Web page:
DON'T LET IT FADE
Summer Lake Towns 2008
Hang on to summer by retreating to an easygoing, affordable lake town, where you can embrace simple pleasures—fishing, huckleberry picking, go-karting, and old-fashioned sweets. We've picked seven to jog your memory; chances are, there's a similar one near you.
LAKE CHAMPLAIN, VT.
The quaint village of Shelburne is one of the most appealing communities strung along skinny Lake Champlain, which divides mountain chains in Vermont and New York. You can explore the southern area of the lake on a Carillon cruise. Bring binoculars to help pick out bald eagles, ospreys, and herons, and keep your eyes peeled for Champ, the lake's elusive monster. For DIY boating, rent from the Lake Champlain Community Sailing Center based in Burlington, a laid-back college town about six miles away (keelboat rentals $50 per hour, kayaks, and canoes $15 per hour). From Burlington, bike paths snake their way along the lake and through stretches of rolling farmland. In summer and early fall, picnickers congregate on the lawn at Shelburne Farms—a nearly 1,400-acre education center and working dairy farm on the lake's shore—for events like the Vermont Mozart Festival. Figurative arts are also well represented in Shelburne, whose namesake museum has a notable collection of American folk art and paintings by Impressionists. The independent Flying Pig Bookstore devotes a special section to homegrown talent like novelist Chris Bohjalian.
Where to refuel The owners of Bistro Sauce support local farmers, as does the Shelburne Country Store, which sells cheese, maple syrup, and jams, and makes its own fudge daily.
Where to stay Pitch a tent or park an RV at the Shelburne Camping Area, which also has kitchenettes that can be rented by the day or week (sites start at $24, kitchenettes start at $75). A more refined alternative, the Victorian bed-and-breakfast Heart of the Village Inn has a library and wraparound porch that encourage guests to linger (from $150).
Easy escape from Manchester, Vt. (90 miles), or Albany, N.Y. (153 miles).
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LAKE OF THE OZARKS, MO.
The man-made Lake of the Ozarks ("the lake" to Missourians) has more than 1,000 miles of shoreline skirted by boat docks and forests of oak and hickory trees. Nature enthusiasts will appreciate Lake of the Ozarks State Park's cabins, which have front porches but no electricity or running water (rates from $40 per night for up to six people). Underground caves in the park are home to bats and salamanders and are prone to angel showers, an unusual phenomenon in which a never-ending shower of water seems to come out of the solid ceiling of rock (tours $6). When its dark above ground, visitors head to the Main Street Music Hall in Osage Beach, where performers put on a nightly two-hour show of comedy routines and classic country, gospel, and folk tunes (tickets $17). There's an all-American feel to the town, too—flags flutter atop kid-friendly diners, and bowling and minigolf are popular. But the biggest crowds can be found browsing discounted goods at 110-store Osage Beach Premium Outlets.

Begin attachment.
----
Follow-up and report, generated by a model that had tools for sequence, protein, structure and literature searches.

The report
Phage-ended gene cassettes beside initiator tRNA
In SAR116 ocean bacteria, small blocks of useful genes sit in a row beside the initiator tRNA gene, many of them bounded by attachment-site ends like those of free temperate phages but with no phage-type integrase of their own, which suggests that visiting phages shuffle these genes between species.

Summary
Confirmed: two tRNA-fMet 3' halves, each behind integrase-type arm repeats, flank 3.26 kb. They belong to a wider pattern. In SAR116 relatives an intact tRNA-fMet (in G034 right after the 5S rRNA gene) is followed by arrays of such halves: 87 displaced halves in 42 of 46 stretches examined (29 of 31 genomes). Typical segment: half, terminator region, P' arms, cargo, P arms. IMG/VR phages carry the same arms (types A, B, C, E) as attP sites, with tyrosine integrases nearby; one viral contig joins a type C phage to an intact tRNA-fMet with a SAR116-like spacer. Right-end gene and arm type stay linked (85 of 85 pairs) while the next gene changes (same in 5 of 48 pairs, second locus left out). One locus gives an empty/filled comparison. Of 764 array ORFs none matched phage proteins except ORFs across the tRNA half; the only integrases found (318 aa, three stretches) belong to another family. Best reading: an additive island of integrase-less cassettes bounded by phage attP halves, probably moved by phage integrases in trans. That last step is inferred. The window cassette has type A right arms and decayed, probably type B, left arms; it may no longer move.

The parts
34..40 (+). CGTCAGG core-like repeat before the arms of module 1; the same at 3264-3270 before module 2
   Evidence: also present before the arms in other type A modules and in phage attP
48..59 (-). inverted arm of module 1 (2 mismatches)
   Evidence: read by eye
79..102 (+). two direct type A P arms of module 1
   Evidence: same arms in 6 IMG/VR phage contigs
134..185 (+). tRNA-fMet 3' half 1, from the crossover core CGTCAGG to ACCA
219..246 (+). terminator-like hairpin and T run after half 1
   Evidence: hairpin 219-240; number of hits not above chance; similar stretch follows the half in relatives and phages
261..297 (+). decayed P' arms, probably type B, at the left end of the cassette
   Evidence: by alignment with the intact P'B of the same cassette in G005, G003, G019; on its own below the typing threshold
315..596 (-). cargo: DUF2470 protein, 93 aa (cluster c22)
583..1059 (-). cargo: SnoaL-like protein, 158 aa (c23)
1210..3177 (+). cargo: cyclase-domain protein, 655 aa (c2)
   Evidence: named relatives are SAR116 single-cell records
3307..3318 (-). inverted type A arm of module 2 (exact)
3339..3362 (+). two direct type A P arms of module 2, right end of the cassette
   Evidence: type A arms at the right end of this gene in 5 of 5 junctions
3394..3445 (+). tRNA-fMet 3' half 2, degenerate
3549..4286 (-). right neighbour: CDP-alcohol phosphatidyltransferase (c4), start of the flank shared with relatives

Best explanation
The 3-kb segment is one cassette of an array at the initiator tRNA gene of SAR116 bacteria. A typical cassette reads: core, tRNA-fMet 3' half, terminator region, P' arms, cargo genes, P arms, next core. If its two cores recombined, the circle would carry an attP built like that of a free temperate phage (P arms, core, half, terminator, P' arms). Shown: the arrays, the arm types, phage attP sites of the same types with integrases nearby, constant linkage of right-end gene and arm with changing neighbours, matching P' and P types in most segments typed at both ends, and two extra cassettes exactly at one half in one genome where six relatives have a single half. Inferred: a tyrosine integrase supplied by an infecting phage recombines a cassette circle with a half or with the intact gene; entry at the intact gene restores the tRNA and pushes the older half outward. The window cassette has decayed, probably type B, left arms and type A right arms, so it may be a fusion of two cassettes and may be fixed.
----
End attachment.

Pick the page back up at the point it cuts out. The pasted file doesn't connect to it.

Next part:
Where to refuel Cozy, blue-and-white clapboard restaurant The Potted Steer has docking spots for those who prefer to arrive by boat. The Ozark Hills supply meat for dishes like pork loin and smoked baby back ribs.
Where to stay The Cliff House Inn has a gazebo, gardens, and a goldfish pond. Each of the four suites comes with a hot tub and a fireplace ($150 per night, including breakfast, two-night minimum stay required on weekends).
Easy escape from Springfield, Mo. (94 miles), or St. Louis, Mo. (175 miles).
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